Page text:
Justice Asher Grunis
was sworn in on Tuesday as the new president of the Supreme Court. He replaces Dorit Beinisch
in the role of chief justice.
"I've had the great privilege of sitting next to the giants of the judicial system," Grunis said in a speech. "The turnover of justices in the Supreme Court casts heavy responsibility upon us, the incumbent judges. We must preserve the magnificent tradition of the court.
"The State of Israel
is a Jewish and democratic state, and it must preserve the Jewish values and protect the ways of democracy," he added.
"The judges are performing a divine service, they act out of a sense of great responsibility. We all deal with providing a special service, led by a sense of vocation."
Asher Grunis (Photo: Avi Peretz)
Grunis lamented the heavy case load faced by the justice system, and stressed that the judges' independence cannot be compromised.
During the ceremony, Prime Minister Benjamin Netanyahu
promised to block any legislation that aims to compromise the independence of the courts system, and wished Grunis success in "kindling the flame of democracy."
"I know you have what it takes to lead Israel's justice system," Netanyahu told the judge. "On behalf of myself and the State of Israel, I wish you success… I am certain that under your leadership Israel's Supreme Court will continue serving as a beacon of freedom."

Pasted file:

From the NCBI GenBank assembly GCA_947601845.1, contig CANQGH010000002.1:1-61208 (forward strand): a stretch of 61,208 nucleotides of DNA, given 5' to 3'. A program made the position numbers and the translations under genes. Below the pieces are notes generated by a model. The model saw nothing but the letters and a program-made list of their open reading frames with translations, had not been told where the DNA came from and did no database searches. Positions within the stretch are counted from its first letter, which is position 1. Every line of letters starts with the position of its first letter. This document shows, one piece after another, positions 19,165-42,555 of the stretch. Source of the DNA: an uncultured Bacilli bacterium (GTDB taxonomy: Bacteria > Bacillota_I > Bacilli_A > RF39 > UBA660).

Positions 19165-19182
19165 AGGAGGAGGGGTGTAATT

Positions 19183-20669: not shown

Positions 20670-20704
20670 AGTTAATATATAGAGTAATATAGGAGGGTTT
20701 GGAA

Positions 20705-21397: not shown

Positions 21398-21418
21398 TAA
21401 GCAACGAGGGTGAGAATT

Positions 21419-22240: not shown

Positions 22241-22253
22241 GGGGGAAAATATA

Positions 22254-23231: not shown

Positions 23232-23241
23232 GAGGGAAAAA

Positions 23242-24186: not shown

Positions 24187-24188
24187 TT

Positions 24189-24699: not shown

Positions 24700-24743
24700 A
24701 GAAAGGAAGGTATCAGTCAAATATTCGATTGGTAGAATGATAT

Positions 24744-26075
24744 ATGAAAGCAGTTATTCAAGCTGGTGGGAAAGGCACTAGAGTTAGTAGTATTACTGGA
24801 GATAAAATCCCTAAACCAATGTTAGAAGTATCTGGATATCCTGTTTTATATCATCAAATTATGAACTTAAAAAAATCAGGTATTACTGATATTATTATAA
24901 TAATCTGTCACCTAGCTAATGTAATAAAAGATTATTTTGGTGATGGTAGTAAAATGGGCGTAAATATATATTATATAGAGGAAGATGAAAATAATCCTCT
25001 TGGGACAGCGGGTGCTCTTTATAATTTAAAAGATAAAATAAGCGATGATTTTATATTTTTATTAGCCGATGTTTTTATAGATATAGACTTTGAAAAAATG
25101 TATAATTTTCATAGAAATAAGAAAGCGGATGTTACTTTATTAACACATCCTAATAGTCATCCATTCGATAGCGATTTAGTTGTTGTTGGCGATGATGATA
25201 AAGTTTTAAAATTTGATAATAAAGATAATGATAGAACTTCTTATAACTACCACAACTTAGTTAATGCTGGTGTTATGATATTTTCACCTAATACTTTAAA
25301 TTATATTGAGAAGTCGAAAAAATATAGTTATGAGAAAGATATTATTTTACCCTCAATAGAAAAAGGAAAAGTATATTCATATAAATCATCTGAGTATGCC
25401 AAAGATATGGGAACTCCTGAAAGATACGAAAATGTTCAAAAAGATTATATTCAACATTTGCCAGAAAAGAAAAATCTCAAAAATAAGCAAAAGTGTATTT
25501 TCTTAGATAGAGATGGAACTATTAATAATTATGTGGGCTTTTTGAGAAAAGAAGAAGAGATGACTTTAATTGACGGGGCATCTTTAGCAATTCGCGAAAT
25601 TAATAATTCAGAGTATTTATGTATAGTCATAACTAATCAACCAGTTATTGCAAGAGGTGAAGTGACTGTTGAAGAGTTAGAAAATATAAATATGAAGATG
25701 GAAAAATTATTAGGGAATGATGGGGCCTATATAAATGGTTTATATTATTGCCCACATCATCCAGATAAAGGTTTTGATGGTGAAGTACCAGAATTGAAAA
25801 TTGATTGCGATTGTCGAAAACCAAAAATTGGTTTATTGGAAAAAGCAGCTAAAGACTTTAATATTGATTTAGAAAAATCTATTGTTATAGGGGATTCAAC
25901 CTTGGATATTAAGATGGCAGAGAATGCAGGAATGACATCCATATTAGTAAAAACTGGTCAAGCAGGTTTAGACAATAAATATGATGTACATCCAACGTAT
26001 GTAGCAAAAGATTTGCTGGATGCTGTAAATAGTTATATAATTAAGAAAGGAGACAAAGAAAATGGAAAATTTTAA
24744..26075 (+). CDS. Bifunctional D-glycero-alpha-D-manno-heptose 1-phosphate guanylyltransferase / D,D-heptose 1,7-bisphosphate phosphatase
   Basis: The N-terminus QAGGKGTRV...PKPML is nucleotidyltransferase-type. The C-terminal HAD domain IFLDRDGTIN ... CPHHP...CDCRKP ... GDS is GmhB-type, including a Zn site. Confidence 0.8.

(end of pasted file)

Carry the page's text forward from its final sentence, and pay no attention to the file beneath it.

Netanyahu also praised Beinisch for her service.
"For five and a half years you have proudly headed the State of Israel's judicial branch," he said. "It wasn't an easy period, during which the justice system came under attack more than once. These attacks were unsuccessful."
The outgoing chief justice spoke at the ceremony as well, lauding the merits of the Supreme Court.
"Judges come and judges go, but this establishment is stronger than its individual parts," Beinisch said.
Addressing Grunis, President Shimon Peres said: "You have been entrusted with the scepter of the Supreme Court presidency, and the full extent of the responsibility that comes with leading the State of Israel's justice system. I am sure that your personality, wisdom, great experience, principled convictions and proficiency in the law will help you contribute to entrenchment of the court's standing."
Peres also lauded Beinisch, stressing the fact that she was the first woman to serve as Supreme Court president, calling her "one of the most important and brave people to head the Israel's highest judicial establishment."
"Many fundamental and significant rulings are attributed to you, including ones regarding interrogee and defendants' rights," he said.